Working with found objects, precious and non-precious materials, abandoned bits and bobs, pieces, parts and leftovers, Walker’s works are intuitive and impetuous, but hardly irreverent. She understands the significance of her choices, her references and her results, and celebrates her influences as much as her finished work. . She transforms, commingles, rewrites and recreates her influences and inspirations into pieces that are beyond our expectations of jewellery.

Gasworks, London, U.K.

30.09.2019 — 15.12.2019

Open studio on 07.12.19 from 12-6 pm

Christina Pataialii is undertaking a residency at Gasworks from 13 September to 16 December 2019. Pataialii’s paintings explore the possibilities that arise with the merging of culturally specific codes. Considering a globalized cultural context, her work has a focus on geopolitical shifts, the resurgence of western nationalism and collective nostalgia for mid-20th Century utopias.

Off-site at New Westminster Quay and Queensborough Bridge billboard, Vancouver, Canada

29.09.2019 — 04.10.2019

Lowering Simon Fraser culminates Maddie Leach’s Burrard Marina Field House residency and research project focusing on the Simon Fraser Monument currently sited on the riverside boardwalk of the Quay in New Westminster, British Columbia. The monument commemorates the controversial early nineteenth century fur trader and explorer credited with charting much of what is now understood as British Columbia. In 1808, with the aid of many Indigenous communities, he explored the river that now bears his name, long a transportation and exchange route and source of food for Coast Salish Nations near the mouth of the Fraser; the Nlaka’pamux, Okanagan, Secwepemc, St’át’imc and Tsilhqot’in in the central Fraser; and the Dakelh, Sekani and Wet’suwet’en in the regions around its northernmost origins.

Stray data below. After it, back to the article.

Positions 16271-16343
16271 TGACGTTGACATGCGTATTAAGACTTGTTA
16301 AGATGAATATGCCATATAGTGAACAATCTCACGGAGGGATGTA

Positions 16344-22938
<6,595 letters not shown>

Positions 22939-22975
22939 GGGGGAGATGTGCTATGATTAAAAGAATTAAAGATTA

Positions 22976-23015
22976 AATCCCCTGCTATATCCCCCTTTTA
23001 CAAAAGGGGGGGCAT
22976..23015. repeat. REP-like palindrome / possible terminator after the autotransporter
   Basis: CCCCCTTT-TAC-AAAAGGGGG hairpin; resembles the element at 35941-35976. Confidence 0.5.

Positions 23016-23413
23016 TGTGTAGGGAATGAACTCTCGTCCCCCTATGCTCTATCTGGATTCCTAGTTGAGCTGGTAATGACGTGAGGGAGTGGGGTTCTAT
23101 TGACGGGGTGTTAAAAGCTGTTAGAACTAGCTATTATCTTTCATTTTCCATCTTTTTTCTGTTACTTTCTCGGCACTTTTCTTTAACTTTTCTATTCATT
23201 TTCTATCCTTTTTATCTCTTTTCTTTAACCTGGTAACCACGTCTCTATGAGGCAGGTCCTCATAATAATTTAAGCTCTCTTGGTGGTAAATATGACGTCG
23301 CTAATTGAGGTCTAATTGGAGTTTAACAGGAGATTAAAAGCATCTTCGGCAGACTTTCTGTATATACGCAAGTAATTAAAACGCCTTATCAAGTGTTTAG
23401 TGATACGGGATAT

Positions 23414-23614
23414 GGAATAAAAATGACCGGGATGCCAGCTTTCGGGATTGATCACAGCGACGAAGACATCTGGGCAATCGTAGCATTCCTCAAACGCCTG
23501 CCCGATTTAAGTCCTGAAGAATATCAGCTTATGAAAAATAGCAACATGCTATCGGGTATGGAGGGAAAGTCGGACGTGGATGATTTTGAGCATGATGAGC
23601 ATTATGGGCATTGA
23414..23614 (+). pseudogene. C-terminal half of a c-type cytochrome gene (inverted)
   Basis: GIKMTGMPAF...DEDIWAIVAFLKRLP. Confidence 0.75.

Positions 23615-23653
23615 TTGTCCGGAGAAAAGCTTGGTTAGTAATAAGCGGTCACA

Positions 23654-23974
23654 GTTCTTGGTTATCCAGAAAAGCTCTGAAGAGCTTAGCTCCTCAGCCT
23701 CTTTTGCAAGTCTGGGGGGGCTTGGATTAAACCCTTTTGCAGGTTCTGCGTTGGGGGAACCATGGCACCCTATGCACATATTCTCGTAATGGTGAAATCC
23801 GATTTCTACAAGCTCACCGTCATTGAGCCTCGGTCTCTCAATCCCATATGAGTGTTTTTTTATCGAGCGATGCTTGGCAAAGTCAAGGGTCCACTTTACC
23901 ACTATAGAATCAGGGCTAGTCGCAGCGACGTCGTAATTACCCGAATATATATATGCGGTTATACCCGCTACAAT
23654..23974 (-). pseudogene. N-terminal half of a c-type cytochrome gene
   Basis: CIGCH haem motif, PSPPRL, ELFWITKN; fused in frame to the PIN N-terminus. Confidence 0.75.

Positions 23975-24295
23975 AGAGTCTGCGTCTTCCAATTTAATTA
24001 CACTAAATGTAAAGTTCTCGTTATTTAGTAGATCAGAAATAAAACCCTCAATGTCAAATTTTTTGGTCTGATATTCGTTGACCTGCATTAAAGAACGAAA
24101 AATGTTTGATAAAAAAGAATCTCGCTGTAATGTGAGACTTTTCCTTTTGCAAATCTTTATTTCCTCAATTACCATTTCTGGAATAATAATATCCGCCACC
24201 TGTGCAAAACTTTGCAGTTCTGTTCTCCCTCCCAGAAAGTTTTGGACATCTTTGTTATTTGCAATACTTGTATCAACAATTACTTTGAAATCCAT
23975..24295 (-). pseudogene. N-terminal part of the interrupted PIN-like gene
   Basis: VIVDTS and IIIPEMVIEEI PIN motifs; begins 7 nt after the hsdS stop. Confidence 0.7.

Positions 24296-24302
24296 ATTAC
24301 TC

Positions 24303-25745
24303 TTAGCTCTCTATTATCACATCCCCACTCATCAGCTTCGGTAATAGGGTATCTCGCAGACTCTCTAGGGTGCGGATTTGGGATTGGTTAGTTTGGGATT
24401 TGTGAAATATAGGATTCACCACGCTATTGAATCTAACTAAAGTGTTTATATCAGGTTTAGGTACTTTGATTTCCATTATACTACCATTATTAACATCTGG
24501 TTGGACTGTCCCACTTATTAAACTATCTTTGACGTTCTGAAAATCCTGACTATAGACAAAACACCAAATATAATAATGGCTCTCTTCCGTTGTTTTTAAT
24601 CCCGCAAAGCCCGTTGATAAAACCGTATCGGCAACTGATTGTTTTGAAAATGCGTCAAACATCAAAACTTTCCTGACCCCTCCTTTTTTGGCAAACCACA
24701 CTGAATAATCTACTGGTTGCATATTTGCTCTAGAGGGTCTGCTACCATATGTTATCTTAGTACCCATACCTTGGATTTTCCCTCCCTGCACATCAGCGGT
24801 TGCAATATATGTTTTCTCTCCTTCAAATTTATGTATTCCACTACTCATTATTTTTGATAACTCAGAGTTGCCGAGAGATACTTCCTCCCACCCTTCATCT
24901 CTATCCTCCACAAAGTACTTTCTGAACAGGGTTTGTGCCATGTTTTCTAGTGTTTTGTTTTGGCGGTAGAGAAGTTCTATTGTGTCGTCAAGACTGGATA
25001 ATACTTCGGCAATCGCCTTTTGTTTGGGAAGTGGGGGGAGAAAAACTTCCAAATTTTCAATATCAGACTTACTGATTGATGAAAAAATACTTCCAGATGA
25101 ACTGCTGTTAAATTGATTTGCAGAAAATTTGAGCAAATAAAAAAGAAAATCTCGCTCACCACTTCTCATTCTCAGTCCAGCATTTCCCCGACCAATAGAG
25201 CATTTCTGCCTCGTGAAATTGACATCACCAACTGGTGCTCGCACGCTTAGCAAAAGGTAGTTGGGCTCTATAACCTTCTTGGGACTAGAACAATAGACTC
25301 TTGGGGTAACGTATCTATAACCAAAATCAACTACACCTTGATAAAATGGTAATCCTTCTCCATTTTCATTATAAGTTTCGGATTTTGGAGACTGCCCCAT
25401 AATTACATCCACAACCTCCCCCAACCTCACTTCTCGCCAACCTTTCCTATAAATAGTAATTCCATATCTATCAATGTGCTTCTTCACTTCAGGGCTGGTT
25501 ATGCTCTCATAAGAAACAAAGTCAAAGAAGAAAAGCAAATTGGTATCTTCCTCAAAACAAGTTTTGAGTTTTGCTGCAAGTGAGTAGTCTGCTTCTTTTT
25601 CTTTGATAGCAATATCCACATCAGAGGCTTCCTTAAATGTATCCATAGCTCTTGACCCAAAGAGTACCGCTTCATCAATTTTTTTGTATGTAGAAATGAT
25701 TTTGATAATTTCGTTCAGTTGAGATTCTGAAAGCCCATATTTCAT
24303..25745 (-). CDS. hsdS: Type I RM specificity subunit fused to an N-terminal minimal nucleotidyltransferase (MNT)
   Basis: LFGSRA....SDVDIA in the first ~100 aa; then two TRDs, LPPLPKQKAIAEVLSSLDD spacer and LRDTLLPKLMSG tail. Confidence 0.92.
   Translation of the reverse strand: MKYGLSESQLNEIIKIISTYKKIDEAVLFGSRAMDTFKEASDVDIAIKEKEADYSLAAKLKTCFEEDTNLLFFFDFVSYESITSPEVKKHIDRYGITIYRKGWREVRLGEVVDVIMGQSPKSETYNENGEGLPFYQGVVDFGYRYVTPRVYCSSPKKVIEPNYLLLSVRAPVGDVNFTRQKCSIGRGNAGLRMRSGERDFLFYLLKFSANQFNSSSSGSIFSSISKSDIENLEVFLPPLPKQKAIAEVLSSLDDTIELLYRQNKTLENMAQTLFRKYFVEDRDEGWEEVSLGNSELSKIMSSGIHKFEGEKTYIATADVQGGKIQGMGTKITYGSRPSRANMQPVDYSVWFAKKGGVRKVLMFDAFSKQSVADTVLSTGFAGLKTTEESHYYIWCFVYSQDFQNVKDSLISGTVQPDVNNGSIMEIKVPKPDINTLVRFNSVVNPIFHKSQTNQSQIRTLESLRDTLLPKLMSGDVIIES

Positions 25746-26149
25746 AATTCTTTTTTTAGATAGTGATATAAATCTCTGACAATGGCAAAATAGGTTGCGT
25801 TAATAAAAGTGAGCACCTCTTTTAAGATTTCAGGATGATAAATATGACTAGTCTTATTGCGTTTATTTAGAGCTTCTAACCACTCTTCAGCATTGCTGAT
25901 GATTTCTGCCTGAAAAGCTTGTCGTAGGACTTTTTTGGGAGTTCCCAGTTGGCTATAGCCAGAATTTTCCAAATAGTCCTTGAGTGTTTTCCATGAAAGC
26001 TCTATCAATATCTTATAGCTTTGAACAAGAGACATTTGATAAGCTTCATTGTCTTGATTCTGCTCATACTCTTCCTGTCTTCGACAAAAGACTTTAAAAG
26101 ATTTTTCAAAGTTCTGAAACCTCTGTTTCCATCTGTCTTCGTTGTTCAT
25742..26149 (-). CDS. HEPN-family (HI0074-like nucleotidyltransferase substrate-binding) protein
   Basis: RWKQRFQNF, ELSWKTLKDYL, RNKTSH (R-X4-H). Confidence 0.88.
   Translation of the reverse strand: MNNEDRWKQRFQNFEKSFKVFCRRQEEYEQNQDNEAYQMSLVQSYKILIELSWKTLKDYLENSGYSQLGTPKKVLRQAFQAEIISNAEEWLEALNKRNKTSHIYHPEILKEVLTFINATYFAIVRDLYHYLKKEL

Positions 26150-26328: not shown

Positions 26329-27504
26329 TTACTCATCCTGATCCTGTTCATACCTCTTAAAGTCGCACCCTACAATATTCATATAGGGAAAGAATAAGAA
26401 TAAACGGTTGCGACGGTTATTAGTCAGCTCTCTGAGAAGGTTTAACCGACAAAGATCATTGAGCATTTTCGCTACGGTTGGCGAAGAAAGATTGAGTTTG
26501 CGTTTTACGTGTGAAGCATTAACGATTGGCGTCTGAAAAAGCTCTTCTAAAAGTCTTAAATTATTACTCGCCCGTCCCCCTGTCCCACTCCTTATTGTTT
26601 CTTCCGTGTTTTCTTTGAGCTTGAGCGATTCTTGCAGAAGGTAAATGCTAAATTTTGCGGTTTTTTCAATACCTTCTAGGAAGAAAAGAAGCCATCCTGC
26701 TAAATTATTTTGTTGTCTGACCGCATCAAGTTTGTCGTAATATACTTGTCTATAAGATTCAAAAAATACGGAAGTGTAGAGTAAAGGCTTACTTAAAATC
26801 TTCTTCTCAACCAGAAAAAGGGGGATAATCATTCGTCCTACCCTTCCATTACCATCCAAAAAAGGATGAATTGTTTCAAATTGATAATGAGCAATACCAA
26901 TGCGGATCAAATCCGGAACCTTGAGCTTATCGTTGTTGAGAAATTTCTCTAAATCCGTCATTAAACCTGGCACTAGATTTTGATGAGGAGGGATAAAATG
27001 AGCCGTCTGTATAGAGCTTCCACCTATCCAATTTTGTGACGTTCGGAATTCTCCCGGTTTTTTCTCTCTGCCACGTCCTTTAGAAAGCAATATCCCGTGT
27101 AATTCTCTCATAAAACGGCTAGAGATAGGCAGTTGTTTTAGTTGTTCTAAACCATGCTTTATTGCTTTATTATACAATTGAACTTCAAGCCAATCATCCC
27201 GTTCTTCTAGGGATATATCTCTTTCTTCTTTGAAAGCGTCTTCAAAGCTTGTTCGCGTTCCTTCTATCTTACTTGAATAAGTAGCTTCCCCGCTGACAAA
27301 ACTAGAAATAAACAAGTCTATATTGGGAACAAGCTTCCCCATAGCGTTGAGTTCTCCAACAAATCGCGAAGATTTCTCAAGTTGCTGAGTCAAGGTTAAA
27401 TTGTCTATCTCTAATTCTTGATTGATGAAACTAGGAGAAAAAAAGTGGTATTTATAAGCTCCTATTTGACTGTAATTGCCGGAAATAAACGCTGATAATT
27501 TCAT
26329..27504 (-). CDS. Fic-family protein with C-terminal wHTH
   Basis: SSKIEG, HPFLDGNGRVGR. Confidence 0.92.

Vancouver Art Gallery, Canada

28.09.2019 — 23.02.2020

Transits and Returns presents the work of 21 Indigenous artists whose practices are both rooted in the specificities of their cultures and routed via their travels. These forces of situatedness and mobility work in synergy and in tension with one another, shaping the multiple ways of understanding and being Indigenous today. Within the exhibition, these dual realities are explored through themes of movement, territory, kinship and representation, with many artworks inhabiting multiple categories. It is curated by Tarah Hogue, Senior Curatorial Fellow, Indigenous Art, Vancouver Art Gallery, with Sarah Biscara Dilley, Freja Carmichael, Léuli Eshraghi and Lana Lopesi.

Featuring artists from local First Nations, as well as those from communities located throughout the Pacific region (ranging from Alutiiq territory in the north to Māori lands in the south, with many mainland and island Nations in between), Transits and Returns traces wide-ranging experiences that are inclusive of both ancestral knowledges and global connections. Participating artists include Edith Amituanai, BC Collective with Louisa Afoa, Carol McGregor, Ahilapalapa Rands amongst many others.